What they do
Wall and floor tilers work on private and commercial construction sites or pre-existing buildings requiring renovation. They can also work at heights, which will require the use of scaffolding and ladders, or in confined spaces that can be noisy, wet and dirty. Wall and floor tilers sometimes work in small teams, and will move from job site to job site. They usually work normal business hours, but may be required to work overtime to meet deadlines.
Tools and technologies
Wall and floor tilers work with a wide variety of tools and equipment. They use spirit levels, tape measures, squares, trowels, cement-mixing equipment and tile-cutting tools. They also wear protective clothing, such as steel-capped boots, hard hats or masks, depending on the job and work environment.
How do I become one?
Education and training
To become a wall and floor tiler, you usually need to undertake an apprenticeship in tilelaying. The tilelaying apprenticeship usually takes between 36 and 48 months to complete and is available as a school-based apprenticeship.
Apprenticeships and traineeships
As an apprentice or trainee, you enter into a formal training contract with an employer, enabling you to complete training towards a nationally recognised qualification. You spend time working and learning practical skills on the job and you spend some time undertaking structured training with a registered training provider.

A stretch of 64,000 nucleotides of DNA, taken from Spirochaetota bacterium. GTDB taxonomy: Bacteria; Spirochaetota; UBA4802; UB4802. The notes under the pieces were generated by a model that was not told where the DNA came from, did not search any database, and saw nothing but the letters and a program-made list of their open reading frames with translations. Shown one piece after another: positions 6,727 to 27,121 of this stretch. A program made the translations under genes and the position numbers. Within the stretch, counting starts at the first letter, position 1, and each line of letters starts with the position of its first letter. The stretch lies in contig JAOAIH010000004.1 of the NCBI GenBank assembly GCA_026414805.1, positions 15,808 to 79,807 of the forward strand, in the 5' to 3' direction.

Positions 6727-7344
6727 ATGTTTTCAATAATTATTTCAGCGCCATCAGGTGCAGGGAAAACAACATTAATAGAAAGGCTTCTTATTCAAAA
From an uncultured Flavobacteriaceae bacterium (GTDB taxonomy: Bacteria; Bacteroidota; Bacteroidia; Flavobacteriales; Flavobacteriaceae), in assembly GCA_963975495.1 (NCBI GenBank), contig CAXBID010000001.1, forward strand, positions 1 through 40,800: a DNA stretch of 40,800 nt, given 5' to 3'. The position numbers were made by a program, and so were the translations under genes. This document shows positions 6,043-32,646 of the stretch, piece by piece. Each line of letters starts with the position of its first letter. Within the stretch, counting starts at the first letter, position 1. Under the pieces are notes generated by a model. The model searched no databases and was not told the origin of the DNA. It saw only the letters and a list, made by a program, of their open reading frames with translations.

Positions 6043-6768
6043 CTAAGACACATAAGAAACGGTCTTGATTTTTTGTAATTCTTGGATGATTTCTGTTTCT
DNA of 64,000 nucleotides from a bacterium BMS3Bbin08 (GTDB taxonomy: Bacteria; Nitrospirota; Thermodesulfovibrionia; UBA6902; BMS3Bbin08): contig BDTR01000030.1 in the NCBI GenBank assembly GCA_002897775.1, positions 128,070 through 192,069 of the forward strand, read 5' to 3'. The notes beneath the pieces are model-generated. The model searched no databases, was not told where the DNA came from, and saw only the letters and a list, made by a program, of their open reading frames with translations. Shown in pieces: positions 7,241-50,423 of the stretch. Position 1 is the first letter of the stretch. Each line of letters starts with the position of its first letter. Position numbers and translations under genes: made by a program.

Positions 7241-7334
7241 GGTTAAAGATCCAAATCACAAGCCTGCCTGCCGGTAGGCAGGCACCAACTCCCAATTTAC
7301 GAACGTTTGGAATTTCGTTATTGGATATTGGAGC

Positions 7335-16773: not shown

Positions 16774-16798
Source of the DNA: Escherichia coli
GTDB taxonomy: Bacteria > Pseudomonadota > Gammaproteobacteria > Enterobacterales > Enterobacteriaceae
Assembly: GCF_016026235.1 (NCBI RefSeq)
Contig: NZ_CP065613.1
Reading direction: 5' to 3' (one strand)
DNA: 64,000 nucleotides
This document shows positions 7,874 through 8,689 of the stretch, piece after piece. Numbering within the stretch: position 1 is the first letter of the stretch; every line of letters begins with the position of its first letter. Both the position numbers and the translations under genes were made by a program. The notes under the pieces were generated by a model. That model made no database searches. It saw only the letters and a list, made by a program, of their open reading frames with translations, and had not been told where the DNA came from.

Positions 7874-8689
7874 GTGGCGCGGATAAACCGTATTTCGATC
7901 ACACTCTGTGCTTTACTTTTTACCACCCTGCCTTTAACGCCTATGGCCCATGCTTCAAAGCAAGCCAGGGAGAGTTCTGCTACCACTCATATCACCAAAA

You can do an apprenticeship or traineeship if you are a school-leaver, re-entering the workforce or as an adult or mature-aged person wishing to change careers. You can even begin your apprenticeship or traineeship while you're still at school.
If you are still at school you can access an apprenticeship through your school. Talk to your school's VET Co-ordinator to start your training now through VET in Schools. If you are no longer at school you can apply for an apprenticeship or traineeship and get paid while you learn and work.
Required registration and licensing
To work as a wall and floor tiler within the construction industry, you will need to obtain a Construction Induction Card (also known as a “White Card”) from a registered training organisation authorised by the WorkSafe Division of the Department of Mines, Industry Regulation and Safety.
To work as a wall and floor tiler in Western Australia, you may need to obtain a registration from the Building Commission of the Department of Mines, Industry Regulation and Safety if you are involved in building-related work in excess of $20,000, or work under the supervision of someone who is accredited as a registered building practitioner.